A former IRA man’s bid to overturn his attempted murder conviction by claiming he was assured immunity from prosecution by a senior Sinn Fein representative has no merit, the Court of Appeal ruled yesterday.
Lawyers for Gerry McGeough argued that criminal proceedings which led to him being jailed for trying to kill part-time soldier Samuel Brush 32 years ago were an abuse of process.
Central to their case was an allegation that Gerry Kelly MLA assured him in 2000 that he would not be charged if he returned to Northern Ireland from being on the run.
McGeough, who escaped from hospital after being wounded when his victim returned fire in the ambush, contended that this was a binding promise on behalf of the Stormont Executive.
But Lord Chief Justice Sir Declan Morgan pointed to legal authorities which set out that an abuse of process depended on an unequivocal guarantee of immunity being given by those bringing the criminal case.
He said: “We do not consider that the evidence indicates any basis for the conclusion that Mr Kelly was a representative of those responsible for the conduct of the investigation or prosecutions.
“We further agree that in any event the statement attributed to Mr Kelly, who did not give evidence, did not contain any representation, never mind one which could be said to be unequivocal for the purpose of this test.”
Mr Brush, now a DUP councillor, was working as a postman when he was shot near Aughnacloy in June 1981.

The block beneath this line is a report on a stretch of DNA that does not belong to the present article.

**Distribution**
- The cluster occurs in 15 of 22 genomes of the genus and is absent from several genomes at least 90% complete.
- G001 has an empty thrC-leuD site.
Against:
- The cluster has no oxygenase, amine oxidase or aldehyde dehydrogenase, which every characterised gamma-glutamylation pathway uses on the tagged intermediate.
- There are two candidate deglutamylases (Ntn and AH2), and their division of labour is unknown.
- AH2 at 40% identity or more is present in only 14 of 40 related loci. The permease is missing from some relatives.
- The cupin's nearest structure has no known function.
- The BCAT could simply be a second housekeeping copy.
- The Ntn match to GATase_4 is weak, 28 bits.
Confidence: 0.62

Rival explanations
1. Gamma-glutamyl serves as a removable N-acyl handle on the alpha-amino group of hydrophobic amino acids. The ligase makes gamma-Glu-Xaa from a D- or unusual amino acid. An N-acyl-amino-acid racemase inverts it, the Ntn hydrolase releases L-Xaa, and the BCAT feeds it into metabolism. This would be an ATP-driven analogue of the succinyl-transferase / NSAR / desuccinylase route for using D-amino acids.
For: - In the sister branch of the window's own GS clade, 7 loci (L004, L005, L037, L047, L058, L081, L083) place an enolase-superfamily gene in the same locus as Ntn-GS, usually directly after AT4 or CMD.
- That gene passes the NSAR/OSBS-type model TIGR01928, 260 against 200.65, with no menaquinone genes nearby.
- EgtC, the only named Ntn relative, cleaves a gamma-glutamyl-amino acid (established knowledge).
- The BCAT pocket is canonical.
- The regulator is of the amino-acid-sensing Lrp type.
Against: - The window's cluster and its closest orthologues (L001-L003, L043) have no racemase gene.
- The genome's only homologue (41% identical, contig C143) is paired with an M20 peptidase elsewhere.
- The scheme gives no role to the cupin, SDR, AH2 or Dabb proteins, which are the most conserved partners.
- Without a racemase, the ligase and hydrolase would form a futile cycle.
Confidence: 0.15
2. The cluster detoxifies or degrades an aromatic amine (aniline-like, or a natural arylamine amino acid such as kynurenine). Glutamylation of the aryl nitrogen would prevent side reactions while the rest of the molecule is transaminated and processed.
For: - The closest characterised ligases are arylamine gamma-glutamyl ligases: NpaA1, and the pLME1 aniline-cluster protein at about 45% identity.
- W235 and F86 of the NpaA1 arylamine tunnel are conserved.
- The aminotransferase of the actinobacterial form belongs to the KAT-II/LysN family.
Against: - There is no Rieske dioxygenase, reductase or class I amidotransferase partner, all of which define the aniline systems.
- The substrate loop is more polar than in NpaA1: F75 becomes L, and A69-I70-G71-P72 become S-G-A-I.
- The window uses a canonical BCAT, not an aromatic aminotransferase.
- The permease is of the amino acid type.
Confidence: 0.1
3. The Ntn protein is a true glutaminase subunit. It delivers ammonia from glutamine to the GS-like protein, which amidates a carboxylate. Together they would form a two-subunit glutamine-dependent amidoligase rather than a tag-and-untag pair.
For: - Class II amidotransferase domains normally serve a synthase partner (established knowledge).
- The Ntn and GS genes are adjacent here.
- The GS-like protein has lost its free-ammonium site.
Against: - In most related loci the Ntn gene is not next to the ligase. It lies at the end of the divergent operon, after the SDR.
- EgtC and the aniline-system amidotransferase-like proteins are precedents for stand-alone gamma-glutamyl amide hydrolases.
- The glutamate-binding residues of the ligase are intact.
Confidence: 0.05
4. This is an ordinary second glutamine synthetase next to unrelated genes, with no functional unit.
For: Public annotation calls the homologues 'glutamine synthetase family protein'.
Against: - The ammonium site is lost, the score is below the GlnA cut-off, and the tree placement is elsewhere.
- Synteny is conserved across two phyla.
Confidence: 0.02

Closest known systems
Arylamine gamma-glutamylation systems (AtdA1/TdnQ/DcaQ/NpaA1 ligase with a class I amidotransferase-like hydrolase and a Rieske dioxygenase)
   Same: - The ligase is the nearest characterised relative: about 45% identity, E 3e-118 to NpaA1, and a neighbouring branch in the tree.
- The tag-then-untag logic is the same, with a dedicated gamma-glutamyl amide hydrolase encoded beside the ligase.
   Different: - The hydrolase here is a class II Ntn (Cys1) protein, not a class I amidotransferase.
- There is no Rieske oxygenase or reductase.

McGeough, 54, and from Dungannon, was convicted in 2011 of attempted murder, possession of firearms with intent to commit an indictable offence, and IRA membership.
He was jailed for 20 years but released earlier this year under the terms of the Good Friday Agreement.
The one-time IRA gunrunner was not in court to hear the judges throw out all grounds of appeal.
McGeough also failed to establish that due to the passage of time it was unfair to try him.
Detailing his escape from hospital, subsequent proceedings against him in Europe and the US, and period spent in the Irish Republic, Sir Declan, sitting with Lord Justices Higgins and Girvan, held that any delay in the trial was his responsibility.
“We do not consider that any of the grounds of appeal have been made out and we do not consider the convictions are unsafe,” the judge confirmed.